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Ajay Moti - General Teaching Projects in Ethiopia

With younger class

I came to Addis Ababa to take a break from the finance world in New York City and position myself towards a career in education. My placement was at Safe House Ethiopia, a community centre that helps children of all ages receive food and an education. Prior to venturing to Ethiopia, I knew very little about the country itself besides its famous rulers and long-distance runners. However, I soon found out how amazing a country it truly is. Ethiopia’s best-kept asset is its people, who I found were always smiling and helpful.

When I arrived to Addis in August, the children were on holiday, so they spent most of their time at Safe House. The centre is in a compound with a gated entrance. Inside the gate is a driveway, which leads to the main building in the compound, housing a classroom, library, and computer lab. There’s also a smaller building with a kitchen and bedrooms for the children who live at the centre. Many of the children worked or begged before being brought to Safe House, so some are behind in their studies.

With local friends

My routine was much more enjoyable than in New York. I would wake up in the morning and leave my home after breakfast. My total commute took 20-25 minutes and included two quick shared taxi rides through central Addis Ababa. The public transportation system in Addis is actually quite efficient, and I quickly learned how to get around. As soon as I walked through the gate of Safe House, I would receive the best greeting by the small children who were playing inside. After dozens of hugs and handshakes, I would walk into the teacher’s lounge, where most of the staff and older kids spent their time.

With my host family I would start teaching my class soon after I arrived, which was usually around 9am. I taught English to the teenagers, and my lessons usually included reading and conversational exercises to keep things interesting. Most of my students were around 16 years old and they were divided into two sections of 15 students each. Other classes were also taught at the centre, such as typing lessons, and I would try my best to help out with typing and general computing issues. I would also spend some time everyday playing football and basketball with the younger children and teenagers outside.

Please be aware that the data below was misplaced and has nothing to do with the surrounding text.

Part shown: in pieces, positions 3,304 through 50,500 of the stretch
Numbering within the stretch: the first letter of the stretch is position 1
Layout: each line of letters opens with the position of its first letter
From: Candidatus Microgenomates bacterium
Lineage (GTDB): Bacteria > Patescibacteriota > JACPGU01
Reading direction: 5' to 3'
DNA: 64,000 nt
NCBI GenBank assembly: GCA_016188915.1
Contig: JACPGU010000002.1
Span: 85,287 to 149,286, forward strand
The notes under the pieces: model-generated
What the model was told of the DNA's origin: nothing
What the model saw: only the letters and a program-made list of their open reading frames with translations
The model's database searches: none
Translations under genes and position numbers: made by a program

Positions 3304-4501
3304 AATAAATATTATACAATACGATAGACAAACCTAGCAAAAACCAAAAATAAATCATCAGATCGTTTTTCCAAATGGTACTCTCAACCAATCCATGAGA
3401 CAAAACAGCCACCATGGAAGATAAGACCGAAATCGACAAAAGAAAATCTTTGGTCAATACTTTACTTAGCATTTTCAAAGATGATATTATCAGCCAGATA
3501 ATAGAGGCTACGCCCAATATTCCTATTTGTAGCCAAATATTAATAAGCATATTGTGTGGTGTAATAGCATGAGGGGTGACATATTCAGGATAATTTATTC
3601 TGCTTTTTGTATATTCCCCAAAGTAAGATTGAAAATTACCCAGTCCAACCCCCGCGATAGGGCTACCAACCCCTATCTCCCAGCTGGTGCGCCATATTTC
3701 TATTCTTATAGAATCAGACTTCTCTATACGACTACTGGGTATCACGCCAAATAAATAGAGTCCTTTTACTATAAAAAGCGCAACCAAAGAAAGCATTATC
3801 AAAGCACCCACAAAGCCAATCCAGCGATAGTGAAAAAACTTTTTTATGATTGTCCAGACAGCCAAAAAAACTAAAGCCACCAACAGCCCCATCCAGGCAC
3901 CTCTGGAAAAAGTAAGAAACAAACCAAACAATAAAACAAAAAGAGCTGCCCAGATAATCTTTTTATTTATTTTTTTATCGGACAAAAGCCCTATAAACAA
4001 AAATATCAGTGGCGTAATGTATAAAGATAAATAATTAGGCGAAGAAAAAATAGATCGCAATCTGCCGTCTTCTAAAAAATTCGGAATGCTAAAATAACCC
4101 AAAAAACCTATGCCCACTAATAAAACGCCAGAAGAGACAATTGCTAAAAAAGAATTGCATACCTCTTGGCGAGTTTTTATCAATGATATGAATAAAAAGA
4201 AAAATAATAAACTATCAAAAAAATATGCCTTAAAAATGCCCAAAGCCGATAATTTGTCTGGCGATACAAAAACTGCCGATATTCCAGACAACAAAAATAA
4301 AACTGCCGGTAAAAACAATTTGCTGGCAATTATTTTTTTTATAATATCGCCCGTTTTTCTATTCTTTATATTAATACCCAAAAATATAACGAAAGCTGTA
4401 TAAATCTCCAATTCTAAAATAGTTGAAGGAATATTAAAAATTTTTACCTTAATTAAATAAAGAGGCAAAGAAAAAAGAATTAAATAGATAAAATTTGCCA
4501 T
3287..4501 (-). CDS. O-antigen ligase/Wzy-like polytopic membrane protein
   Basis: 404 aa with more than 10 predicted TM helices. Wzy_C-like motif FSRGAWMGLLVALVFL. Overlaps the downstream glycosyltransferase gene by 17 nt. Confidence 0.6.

After classes were done in the early afternoon and many of the children went home, I would usually join the other teachers and staff for a traditional coffee ceremony in either the teacher’s lounge or the kitchen. We would all pitch in money and buy coffee beans, which would be ground up and roasted. The ceremony is no short experience; prepare to spend at least an hour drinking a few rounds of coffee! Blades of grass are spread out on the floor to give a very relaxing, homely feel. This was a great opportunity to share time with the staff and learn simple conversational Amharic, the local language. After the coffee ceremony, I would usually meet with the other volunteers in the afternoon at a local café, spend time checking email, or explore new parts of Addis. No matter what I did, I was never bored in Ethiopia!

With children at work

There are many things that I can take back from my experience in Ethiopia. I have never had a job where I felt more appreciated than while I worked at Safe House. Ethiopians themselves are fiercely proud of their culture and history, with their own unique language, food, calendar, time, and holidays. The Habesha people also show a great deal of respect and camaraderie with one another. It has been a pleasure immersing myself in Ethiopian culture, (especially over round after round of delicious coffee!) and I am looking forward to seeing all my new Ethiopian friends very soon.

Ajay Moti

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